|Fig. 3:||State trajectories of all agents corresponding to network on graph Gb with given convergence speed μ = 2 and different time-delays: (a) τ = 0, (b) τ = 0.5τmax and (c) τ = τmax|
This study provides a theoretical analysis for designing optimal weights of a network composed of swarm agents. For consensus problem of multi-agent systems, the goal of designing optimal weights is to make the states of all agents agree with certain speed required in practical application, at the same time, the communication time-delays between agents the network can tolerate must be maximized. We design optimal weights based on linear matrix inequality theory. The problem can be equivalent to designing the elements of Laplacian matrix of graph with some constraints. A method to reduce the order of Laplacian matrix is discussed. In order to solve the optimal weights, the way to minimizing the condition number of a positive-definite matrix is stated. Two cases that graph is complete and not complete, but connected are considered. Theorem 3 is concluded. Finally, simulation results are given to show that the results are in line with theoretical analysis.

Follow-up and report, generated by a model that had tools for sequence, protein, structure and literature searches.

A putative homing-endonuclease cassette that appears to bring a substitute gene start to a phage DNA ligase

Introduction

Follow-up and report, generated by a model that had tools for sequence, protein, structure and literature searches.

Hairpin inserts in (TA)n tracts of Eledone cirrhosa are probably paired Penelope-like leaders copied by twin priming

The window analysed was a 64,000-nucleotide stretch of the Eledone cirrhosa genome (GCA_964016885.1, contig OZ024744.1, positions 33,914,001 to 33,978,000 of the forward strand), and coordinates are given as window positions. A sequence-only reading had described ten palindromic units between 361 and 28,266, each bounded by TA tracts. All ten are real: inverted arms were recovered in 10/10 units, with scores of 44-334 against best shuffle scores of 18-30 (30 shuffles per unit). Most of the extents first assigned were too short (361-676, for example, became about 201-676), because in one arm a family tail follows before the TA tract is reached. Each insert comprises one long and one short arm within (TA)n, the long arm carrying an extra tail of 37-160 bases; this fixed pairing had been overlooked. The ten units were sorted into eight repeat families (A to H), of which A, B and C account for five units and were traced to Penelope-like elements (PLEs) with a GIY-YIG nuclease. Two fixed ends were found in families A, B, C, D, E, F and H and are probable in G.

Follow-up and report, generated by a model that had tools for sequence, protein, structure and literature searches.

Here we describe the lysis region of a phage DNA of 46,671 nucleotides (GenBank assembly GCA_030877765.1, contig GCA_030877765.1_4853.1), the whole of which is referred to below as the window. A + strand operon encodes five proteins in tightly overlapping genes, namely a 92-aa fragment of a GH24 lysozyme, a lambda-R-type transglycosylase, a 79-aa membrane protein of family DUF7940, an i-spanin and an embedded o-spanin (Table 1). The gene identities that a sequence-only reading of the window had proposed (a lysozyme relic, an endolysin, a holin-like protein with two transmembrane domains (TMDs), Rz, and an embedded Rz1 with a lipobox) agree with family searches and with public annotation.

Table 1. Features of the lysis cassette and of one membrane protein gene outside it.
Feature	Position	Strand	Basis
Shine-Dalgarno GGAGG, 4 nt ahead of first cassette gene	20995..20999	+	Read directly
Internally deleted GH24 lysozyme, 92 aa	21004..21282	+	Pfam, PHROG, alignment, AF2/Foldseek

This project is sponsored by the National Natural Science Foundation of China under Grant No. 60574088 and 60874053.